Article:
Welcome to Wellness Wednesdays!
We are moving into holiday season, with Thanksgiving right around the corner. We are grateful for our community that continues to work together to be healthy. It is hoped that the eblasts reinforce our commitment of caring for ourselves and others. Please send us ideas to share with our colleagues and families across the district. (WellnessWednesdays@Lawrence.k12.ny.us)
Here are some additional tips from Rachel Kelly, a mental health advocate and author of The Happiness Diet. Combining smart nutrition strategies with a healthy diet can do wonders for your body and mind.
1. Say hello to nuts and seeds.
Nuts such as pistachio, walnuts, almonds and cashews and seeds, such as flaxseed, pumpkin seeds and chia seeds, are a good source of protein, fiber and heart-healthy fats. According to a recent study published in the Journal of the American College of Cardiology, eating nuts at least twice a week can cut the risk of heart disease by almost a quarter.
If you aren’t a fan of trail mix, try sprinkling nuts or seeds over soups or salads as an accent.
2. Limit added sugars
Eating sugar-laden foods increased the risk of obesity, Type 2 diabetes and cardiovascular diseases. Sugary foods trigger blood sugar drops which can make you feel jittery, anxious or short-tempered. According to the American Heart Association (AHA), the maximum amount of added sugars you should consume in a day are 37.5 grams (9 teaspoons) for men and 25 grams (6 teaspoons) for women.
3. Slow carb instead of no carb
Don’t rule out all of your treats; alter the recipe instead (This is a great idea!)
Swap white pasta with buckwheat noodles; use almond butter instead of salted butter or trade milk chocolate with dark chocolate. Zoodles, anyone?
4. Eat foods that will help you sleep better
Adequate sleep is an indispensable part of a healthy lifestyle. It elevates mood and helps improve your cognitive skills and cardiovascular health, among other things. Eating foods that induce sleep is a natural and effective way to fight insomnia. Consuming foods that are rich in tryptophan, such as bananas, potatoes, almonds, seeds, and whole-grain oats are your best bet. Tryptophan is an amino acid which is involved in the synthesis of melatonin, the sleep hormone.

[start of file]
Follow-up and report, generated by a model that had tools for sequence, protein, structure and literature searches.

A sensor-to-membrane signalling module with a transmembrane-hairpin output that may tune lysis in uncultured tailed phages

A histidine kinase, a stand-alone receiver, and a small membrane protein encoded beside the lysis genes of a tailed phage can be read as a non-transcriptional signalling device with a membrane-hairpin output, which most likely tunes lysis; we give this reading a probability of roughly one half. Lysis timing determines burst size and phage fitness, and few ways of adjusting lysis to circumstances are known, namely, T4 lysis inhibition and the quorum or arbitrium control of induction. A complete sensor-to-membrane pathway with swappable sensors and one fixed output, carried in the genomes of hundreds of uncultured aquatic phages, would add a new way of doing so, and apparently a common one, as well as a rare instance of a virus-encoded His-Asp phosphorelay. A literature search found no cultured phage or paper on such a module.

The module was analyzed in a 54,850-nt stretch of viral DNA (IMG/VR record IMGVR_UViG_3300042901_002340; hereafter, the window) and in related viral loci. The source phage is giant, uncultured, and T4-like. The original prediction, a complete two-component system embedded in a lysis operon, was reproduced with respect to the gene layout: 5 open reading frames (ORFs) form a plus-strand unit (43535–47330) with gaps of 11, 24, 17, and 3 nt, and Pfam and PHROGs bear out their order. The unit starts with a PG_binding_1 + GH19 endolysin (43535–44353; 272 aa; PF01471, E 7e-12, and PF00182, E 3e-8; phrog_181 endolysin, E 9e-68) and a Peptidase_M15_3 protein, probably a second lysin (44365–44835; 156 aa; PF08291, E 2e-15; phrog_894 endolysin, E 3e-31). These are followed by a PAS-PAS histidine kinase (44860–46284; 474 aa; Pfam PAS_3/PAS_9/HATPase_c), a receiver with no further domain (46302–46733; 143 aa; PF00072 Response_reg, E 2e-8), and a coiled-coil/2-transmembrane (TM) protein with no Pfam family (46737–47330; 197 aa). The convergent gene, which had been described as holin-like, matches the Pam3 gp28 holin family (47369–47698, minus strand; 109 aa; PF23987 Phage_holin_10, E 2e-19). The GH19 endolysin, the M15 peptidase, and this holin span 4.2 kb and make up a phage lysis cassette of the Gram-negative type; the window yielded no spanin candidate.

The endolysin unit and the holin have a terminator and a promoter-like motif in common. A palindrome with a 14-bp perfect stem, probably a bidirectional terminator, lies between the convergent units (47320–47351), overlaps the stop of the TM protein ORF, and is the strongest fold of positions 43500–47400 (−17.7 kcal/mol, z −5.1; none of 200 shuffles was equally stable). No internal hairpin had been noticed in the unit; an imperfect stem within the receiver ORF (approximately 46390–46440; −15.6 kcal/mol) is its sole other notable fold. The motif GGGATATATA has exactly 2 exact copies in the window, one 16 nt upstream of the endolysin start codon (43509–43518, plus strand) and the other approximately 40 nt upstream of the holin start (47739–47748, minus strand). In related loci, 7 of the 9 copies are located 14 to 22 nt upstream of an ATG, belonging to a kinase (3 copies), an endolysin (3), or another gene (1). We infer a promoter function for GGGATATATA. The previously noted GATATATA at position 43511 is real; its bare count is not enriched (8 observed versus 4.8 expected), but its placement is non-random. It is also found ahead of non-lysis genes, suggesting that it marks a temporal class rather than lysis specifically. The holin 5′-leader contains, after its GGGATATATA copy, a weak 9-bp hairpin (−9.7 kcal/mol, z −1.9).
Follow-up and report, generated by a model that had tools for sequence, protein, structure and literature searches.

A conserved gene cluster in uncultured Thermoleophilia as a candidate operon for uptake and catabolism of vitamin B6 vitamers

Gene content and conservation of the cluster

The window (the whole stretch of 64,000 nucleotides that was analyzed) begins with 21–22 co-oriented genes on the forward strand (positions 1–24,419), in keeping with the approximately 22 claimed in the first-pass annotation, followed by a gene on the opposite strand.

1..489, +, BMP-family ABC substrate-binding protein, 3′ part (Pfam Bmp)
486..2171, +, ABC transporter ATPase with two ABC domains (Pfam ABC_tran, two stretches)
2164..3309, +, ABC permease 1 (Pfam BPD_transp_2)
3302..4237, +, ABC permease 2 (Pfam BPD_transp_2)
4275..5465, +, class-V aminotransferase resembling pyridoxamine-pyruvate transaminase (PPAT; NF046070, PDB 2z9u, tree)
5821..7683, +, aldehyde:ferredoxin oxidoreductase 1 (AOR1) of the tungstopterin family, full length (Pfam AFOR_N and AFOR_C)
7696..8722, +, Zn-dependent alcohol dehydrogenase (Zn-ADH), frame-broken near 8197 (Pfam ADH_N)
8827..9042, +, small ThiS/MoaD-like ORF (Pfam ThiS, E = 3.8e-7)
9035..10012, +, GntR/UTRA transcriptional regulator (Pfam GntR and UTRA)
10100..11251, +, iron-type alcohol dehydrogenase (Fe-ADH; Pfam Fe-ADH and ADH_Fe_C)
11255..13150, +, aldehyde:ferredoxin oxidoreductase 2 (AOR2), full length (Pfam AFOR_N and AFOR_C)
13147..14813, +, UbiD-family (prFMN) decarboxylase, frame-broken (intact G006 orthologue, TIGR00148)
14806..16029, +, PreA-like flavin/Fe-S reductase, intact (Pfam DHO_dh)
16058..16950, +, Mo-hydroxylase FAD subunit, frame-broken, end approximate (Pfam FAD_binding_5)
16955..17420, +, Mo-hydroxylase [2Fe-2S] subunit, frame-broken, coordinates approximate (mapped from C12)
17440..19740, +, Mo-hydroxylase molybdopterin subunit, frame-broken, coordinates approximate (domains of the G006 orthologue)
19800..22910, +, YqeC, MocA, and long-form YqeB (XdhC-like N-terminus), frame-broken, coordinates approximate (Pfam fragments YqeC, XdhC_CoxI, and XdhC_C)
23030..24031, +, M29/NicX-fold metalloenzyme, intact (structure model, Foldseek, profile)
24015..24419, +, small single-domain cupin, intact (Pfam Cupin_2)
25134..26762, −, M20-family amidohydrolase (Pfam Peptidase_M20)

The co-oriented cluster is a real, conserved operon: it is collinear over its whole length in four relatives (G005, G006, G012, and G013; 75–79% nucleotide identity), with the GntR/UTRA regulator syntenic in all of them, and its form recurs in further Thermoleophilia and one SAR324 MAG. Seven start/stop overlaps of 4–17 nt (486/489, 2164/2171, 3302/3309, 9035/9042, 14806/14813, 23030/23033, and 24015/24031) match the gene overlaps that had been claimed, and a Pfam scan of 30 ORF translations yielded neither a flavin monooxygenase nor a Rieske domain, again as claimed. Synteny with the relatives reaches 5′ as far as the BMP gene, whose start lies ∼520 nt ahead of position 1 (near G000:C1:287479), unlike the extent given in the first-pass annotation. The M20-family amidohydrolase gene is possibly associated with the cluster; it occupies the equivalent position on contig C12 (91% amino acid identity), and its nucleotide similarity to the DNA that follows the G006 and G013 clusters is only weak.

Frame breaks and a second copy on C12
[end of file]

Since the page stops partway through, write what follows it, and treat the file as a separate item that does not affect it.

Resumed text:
5. Pay attention to your plate.
Multitasking while eating makes it difficult for you to listen to your body’s hunger cues. Mindful eating helps you understand hunger signs, appreciate food and prevent binge-eating.
So the next time you sit down to have a meal, get rid of all the distractions (phone, TV, laptop, tablet) and focus on eating. Take your time to see, smell, savor and swallow every bite of your food.
In addition, stock your kitchen with food that nourishes your brain.
Keep ingredients like chickpeas and sun-dried tomatoes at the ready.
Keep your freezer stocked with frozen fish and vegetables, so if you come home late or feel tire, you can still fix a quick, healthy meal.
Check out this great pre-Thanksgiving Mental Wellness activity!
The Need for Self Care Leading Up to the Holiday Season
While many would agree that the holiday season is the most wonderful time of the year, it can also be a source of stress. During this time, people often stress over money, recent losses, making time for all the holiday events, and finding time to relax. Here is some information from Tina Arnoldi, from Psych Central
Who’s At Risk for Holiday Stress?
- Perfectionists who want each holiday meal and every gift to be perfect
- Chronic warriors who become anxious about the negative outcomes of certain situations
- Elderly who may be isolated from family or friends (particularly males)
- Grieving individuals even if not recent. Holidays may serve as a trigger
- Individuals who are responsible for hosting the holidays, shopping for gifts, managing the family’s time, etc.
- Almost everyone!
Symptoms to Watch for:
- Physical symptoms such as headaches, shortness of breath, fatigue, muscle tension and disruption of sleeping or eating patterns
- Emotional responses such as feeling out of control, feeling nervous, anxious, hopelessness or anger
- Negative behaviors such as aggression or compulsive behaviors, or maybe overreliance on substances
- Mental symptoms such as confused thinking, difficulty concentrating, negative talk and using poor judgment
Tips for dealing with holiday season stress:
- Ask for help. Holiday serving can be fun if everyone contributes something they enjoy eating
- Be flexible. Stray from the same old-same old. Change your menus
- Letting go. Adopt a new tradition.
- Set boundaries. It’s ok to say no!
- Practice self-care. Go to a yoga class before company comes, play relaxing music when they arrive!
Wishing everyone a healthy and happy Thanksgiving! See you next month with more Holiday Cheer!